The trend of authority is strongly in favor of eliminating the aggressor defense from Workmen's Compensation law. The instigator, like the victim or participant in horseplay, is now likely to be compensated for his injuries resulting from sportive acts. This is looked on by the law as a reasonable consequence of the natural conditions of employment rather than as a deviation. "Horseplay" is the colloquial term referring to sportive and playful acts often used legalistically to describe the conduct of employees who skylark or prank, doing injury to themselves or to others. Sportive conduct includes assaults with or without an instrumentality furnished by the employer, during actual working hours or in periods of enforced idleness, before or after the close of the working day.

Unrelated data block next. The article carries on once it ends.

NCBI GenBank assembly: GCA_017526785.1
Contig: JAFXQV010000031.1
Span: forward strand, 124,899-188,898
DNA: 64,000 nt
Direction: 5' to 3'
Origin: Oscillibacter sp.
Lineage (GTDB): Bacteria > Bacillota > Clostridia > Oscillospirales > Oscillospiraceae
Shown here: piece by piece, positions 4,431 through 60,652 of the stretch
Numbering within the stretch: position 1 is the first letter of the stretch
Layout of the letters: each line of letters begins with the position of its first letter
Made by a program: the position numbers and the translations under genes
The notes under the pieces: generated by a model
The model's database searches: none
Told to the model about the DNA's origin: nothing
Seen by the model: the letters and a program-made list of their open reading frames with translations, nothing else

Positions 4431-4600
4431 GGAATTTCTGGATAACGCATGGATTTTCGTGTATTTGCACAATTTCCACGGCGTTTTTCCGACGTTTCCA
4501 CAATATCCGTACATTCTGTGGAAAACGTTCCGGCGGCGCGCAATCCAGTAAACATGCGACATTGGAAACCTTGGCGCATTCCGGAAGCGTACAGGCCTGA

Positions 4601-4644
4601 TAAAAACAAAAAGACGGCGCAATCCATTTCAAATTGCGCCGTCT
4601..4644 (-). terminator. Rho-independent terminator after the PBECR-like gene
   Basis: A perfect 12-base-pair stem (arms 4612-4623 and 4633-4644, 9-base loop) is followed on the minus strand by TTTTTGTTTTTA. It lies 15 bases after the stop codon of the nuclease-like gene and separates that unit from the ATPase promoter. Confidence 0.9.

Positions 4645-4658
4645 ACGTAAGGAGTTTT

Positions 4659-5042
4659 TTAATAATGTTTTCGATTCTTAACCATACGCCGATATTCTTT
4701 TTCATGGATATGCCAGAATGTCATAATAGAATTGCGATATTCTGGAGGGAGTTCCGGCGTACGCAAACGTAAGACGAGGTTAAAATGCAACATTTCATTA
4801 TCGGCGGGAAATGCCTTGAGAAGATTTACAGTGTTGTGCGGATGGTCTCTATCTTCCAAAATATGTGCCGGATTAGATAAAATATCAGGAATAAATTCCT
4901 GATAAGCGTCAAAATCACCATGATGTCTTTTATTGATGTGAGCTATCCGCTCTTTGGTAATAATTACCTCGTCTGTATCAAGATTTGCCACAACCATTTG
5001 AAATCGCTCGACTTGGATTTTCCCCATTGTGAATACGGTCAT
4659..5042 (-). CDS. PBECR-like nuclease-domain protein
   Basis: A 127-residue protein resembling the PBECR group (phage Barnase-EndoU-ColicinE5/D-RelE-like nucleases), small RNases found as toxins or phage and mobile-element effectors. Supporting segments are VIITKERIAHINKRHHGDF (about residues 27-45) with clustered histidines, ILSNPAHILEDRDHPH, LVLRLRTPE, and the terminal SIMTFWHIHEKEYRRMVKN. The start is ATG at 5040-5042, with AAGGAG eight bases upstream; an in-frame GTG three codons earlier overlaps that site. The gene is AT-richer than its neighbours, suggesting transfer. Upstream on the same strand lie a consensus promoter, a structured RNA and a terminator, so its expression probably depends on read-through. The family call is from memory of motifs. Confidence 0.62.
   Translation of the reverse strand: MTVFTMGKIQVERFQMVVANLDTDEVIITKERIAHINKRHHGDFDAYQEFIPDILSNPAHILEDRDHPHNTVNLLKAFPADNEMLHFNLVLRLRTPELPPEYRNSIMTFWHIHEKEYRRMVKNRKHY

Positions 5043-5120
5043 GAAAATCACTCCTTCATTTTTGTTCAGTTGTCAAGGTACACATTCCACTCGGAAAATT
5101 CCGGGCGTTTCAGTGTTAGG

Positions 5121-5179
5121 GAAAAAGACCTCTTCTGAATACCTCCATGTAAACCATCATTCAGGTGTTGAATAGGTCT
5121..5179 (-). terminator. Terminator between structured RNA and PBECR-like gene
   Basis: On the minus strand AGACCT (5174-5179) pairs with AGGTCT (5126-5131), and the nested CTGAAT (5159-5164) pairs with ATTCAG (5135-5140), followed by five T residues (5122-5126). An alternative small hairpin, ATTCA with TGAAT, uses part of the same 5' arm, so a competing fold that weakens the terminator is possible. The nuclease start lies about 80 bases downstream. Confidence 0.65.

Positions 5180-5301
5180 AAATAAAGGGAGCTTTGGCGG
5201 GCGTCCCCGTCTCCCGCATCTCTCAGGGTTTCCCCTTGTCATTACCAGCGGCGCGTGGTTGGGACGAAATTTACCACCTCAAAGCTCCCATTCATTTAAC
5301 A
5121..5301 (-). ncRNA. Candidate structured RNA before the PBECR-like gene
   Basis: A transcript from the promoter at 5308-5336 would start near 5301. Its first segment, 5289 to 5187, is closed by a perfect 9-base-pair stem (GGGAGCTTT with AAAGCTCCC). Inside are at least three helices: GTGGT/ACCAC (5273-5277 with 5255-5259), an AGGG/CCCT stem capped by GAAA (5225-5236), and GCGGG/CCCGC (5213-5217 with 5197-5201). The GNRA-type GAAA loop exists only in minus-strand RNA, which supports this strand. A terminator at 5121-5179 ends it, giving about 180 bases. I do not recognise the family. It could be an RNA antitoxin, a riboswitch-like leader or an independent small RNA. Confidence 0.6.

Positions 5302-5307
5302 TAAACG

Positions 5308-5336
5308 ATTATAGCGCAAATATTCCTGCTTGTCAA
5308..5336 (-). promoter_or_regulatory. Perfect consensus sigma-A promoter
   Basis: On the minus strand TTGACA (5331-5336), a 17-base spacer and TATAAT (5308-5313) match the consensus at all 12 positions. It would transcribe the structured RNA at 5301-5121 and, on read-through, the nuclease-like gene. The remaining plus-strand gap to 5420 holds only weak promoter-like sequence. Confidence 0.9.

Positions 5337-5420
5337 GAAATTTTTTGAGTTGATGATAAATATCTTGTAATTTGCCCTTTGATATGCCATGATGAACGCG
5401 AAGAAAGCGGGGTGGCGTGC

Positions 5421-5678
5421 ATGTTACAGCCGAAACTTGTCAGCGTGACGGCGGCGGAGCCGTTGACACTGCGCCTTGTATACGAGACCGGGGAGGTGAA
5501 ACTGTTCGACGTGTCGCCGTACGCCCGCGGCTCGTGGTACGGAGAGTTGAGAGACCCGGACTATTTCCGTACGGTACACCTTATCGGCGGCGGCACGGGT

Michael Kaye, Horseplay by Employees, 15 Clev.-Marshall L. Rev. 104 (1966)